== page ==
Acetaminophen Use in Pregnancy Associated with Language Delays in Toddlers

January 22, 2024

Each Use of the Pain Reliever in 3rd Trimester Tied to a Two-Word Reduction in Vocabulary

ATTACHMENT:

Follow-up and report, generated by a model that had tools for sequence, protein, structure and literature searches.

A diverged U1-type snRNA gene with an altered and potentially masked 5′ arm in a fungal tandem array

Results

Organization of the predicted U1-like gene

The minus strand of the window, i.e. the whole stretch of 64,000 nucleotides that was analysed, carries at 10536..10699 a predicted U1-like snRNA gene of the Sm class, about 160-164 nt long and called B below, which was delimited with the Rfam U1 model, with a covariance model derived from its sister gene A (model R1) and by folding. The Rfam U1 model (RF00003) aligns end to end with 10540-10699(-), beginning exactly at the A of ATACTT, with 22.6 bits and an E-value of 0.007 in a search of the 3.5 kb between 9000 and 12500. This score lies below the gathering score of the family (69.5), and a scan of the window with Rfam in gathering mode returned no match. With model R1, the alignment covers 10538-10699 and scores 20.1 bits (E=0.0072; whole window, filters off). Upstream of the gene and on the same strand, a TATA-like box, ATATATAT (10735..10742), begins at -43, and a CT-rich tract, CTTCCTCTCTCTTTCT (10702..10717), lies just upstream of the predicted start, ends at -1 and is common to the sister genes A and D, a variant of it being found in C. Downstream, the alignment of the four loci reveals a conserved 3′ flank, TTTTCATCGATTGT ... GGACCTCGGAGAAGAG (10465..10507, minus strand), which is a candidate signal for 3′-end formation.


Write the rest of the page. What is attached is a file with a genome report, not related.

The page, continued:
A study from the University of Illinois Urbana-Champaign has investigated the link between acetaminophen use during pregnancy and language outcomes in early childhood. The findings revealed that increased acetaminophen use, especially in the third trimester, was associated with modest decreases in language development. The study accessed data from the Illinois Kids Development Study involving 298 two-year-old children. Sex-specific associations were observed, with increased acetaminophen use late in pregnancy showing language delays primarily in male children. This research suggests that the second and third trimesters might be critical periods of neurodevelopment sensitive to disruptions by prenatal acetaminophen exposure that could impact auditory structures and pathways essential for language development. The most significant finding demonstrated that each use of acetaminophen in the third trimester was associated with a nearly two-word reduction in vocabulary in two-year-olds. Despite the small sample size, the associations with increased frequency of acetaminophen use and language delays were notable. The study emphasizes the importance of considering the timing and frequency of prenatal acetaminophen use for minor aches and pains when considering language development outcomes for offspring, especially in males.

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